4 Outrageous Things You Have to See in Macau

If you’ve ever heard of Macau, you’re probably most familiar with the common comparison of it being the "Las Vegas of Asia." The popular vacation destination—an autonomous city in China, located on the country's southern coast not far from Hong Kong—is full of luxury casinos that rival (and in many cases eclipse) those found in America’s Playground. But even though casinos and luxury resorts are major attractions, they’re not the only thing drawing tourists year after year. If gambling isn’t your thing, here are four cool ideas for a vacation in Macau.

Go See the House of Dancing Water

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If you love Cirque du Soleil, then you know that their themed acrobatics shows aren’t to be missed. And what better way to create a unique experience than to see a show produced by the Cirque du Soleil director Franco Dragone. "The House of Dancing Water" is an aquatic performance that first debuted in 2010 in Macau and nine years later it’s still going strong. The 90-minute show includes intricate sets, expertly choreographed acrobatics and dancing, and a specially composed soundtrack. Over 80 performers and 160 production crew members work in concert to delight audiences every night. Catch this show at the City of Dreams casino and resort on the Cotai Strip.

Visit the Ruins of St. Paul and Hike Mount Fortress

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For history buffs, you’ll fall in love with Macau’s diverse backstory. The administrative region is officially a Chinese jurisdiction, and the main island on which it is located is a short ferry ride from Hong Kong and mainland China. However, for part of its history, the island shifted hands between China and Portugal. Macau was a Portuguese colony between 1557 and 1999. So, there are countless areas where you’ll find Portuguese influence, especially with architecture and food. If you have the chance to take a trip to Macau, no history-themed visit is complete without visiting the ruins of St. Paul or hiking up to Mount Fortress.

St. Paul Church was founded in 1602 by Jesuits who traveled with the Portuguese to Macau. But you might be surprised to find that it was actually built by Christian Japanese craftsmen. Once known as the most ornate and largest church on the island, it burned to the ground in 1835, leaving only the front façade and stairs leading to the former entrance. Today, the façade is a popular tourist attraction that dominates Instagram feeds with Macau hashtags.

As the name implies, Mount Fortress is a fort, and it was built during the same time period as St. Paul Church. It was meant to provide protection from Dutch invasions, most notably their attempted attack in 1622. The fort was well-built and was armed and stocked with supplies to withstand a two-year attack. And if you’re a museum fan, the Macau Museum is installed inside the lower levels of the fort—giving you a two-for-one value.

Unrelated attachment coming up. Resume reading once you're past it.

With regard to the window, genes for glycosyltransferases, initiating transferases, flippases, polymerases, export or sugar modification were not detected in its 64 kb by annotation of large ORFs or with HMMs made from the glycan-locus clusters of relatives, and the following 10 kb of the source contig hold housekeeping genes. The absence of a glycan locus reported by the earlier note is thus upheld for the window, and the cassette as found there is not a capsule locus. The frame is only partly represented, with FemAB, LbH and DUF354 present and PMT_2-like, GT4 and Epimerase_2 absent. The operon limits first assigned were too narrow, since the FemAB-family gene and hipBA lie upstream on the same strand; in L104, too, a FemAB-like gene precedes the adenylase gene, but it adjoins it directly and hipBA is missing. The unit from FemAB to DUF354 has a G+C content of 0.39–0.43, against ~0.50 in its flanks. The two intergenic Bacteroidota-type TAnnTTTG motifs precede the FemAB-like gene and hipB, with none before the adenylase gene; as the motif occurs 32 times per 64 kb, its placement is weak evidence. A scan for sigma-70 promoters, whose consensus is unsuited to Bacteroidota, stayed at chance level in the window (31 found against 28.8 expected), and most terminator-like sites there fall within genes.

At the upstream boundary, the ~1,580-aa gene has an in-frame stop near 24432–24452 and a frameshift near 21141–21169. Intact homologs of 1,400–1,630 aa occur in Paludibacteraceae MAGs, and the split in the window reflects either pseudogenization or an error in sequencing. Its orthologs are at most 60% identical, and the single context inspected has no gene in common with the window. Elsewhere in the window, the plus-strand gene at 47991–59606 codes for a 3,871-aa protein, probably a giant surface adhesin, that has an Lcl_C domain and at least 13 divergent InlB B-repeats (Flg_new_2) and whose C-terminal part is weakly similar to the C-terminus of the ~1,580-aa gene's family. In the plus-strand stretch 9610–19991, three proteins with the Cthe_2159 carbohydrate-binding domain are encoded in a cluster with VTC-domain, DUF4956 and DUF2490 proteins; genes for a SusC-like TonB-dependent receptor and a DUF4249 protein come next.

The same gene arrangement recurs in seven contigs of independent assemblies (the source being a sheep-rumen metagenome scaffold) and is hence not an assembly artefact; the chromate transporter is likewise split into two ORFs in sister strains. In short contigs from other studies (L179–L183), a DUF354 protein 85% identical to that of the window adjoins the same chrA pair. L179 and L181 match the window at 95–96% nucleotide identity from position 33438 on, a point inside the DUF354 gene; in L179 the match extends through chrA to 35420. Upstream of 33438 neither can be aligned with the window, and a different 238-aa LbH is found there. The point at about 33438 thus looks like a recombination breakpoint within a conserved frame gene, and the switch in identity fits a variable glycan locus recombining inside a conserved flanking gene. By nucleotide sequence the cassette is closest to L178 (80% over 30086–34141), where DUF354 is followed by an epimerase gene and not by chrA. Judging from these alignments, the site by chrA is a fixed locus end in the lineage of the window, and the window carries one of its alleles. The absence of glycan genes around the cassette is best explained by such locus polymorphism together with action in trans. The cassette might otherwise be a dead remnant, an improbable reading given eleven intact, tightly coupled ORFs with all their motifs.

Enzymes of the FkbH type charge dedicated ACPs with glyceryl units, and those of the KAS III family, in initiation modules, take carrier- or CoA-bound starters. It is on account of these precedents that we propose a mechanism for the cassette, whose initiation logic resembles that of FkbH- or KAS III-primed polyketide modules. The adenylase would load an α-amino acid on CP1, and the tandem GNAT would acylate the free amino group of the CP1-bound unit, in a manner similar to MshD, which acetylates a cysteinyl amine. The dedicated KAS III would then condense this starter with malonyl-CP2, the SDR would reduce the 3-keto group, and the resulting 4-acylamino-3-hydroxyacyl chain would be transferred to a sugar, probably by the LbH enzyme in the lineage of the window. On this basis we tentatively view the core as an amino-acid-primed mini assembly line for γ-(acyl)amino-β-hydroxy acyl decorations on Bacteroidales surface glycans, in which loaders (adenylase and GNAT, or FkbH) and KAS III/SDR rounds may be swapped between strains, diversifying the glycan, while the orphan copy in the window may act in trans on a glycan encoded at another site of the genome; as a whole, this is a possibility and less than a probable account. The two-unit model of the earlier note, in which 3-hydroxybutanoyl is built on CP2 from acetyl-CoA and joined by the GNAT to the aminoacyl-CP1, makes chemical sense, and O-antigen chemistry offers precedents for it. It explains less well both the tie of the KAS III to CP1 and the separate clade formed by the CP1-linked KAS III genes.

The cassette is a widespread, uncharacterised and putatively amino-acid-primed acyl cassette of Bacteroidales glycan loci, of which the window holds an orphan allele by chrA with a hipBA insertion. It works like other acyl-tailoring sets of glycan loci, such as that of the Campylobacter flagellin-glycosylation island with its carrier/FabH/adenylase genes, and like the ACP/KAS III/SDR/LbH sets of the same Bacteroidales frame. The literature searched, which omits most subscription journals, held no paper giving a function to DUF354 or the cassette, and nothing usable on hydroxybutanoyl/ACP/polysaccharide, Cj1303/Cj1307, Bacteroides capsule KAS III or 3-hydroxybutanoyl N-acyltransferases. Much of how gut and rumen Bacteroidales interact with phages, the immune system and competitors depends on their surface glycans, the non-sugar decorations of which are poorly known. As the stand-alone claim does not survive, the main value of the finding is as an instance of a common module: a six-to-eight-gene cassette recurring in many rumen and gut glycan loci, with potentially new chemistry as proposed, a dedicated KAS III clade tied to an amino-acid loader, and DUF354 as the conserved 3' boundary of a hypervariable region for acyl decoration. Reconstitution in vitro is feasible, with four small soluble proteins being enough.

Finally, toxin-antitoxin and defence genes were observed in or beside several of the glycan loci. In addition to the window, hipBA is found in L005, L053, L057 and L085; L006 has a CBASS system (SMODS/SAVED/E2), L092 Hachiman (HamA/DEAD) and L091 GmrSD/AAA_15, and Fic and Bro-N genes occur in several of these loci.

Get Your Adrenaline Fix at AJ Hackett Macau Tower

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Are you an adrenaline junkie? If so, then you need to take a trip over to A.J. Hackett Macau Tower. The tower stands 1,109 feet tall when you include the antenna. But the real attraction here is the various death-defying activities you can enjoy 764 feet above ground in the tower’s Sky Park. The world’s highest commercial bungee jump can be completed at the Skyjump. And for the truly fearless, you can opt to bungee jump at night.

But we’re not done. You can enjoy the actual Skywalk where you literally walk around the outer perimeter of the building. This isn’t for the faint of heart, though, as the walkway is only six feet wide and there are no handrails (but you are harnessed). And if that’s still not enough, you can climb the tower’s vertical mast — a 300-foot climb that takes you up Macau Tower’s antenna. But for the Tower Climb, it’s strongly recommended that you be in good shape and used to strenuous activities like rock climbing.

Create Your Own Foodie Tour at Taipa Village

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If the idea of hanging off the side of a building feels far beyond your comfort zone, we understand! Dial things down several notches and opt for a low intensity, yet very satisfying, foodie tour. Like we mentioned earlier, Macau is an interesting place where the divergent Chinese and Portuguese cultures have managed to coexist and create a unique fusion. Taipa Village features traditional Portuguese architecture and is set away from the Cotai Strip, creating a true contrast from the modern and visual overload of the casino district.

Taipa Village is the perfect place to enjoy authentic Chinese, Portuguese and even Spanish cuisine while also offering other cuisines, street food, and high-brow fast food. The village is such a popular place for foodies that the Taipa Village website recommends a number of food tours that cater to various tastes and budgets.

Cover image credit: Jui-Chi Chan / iStock

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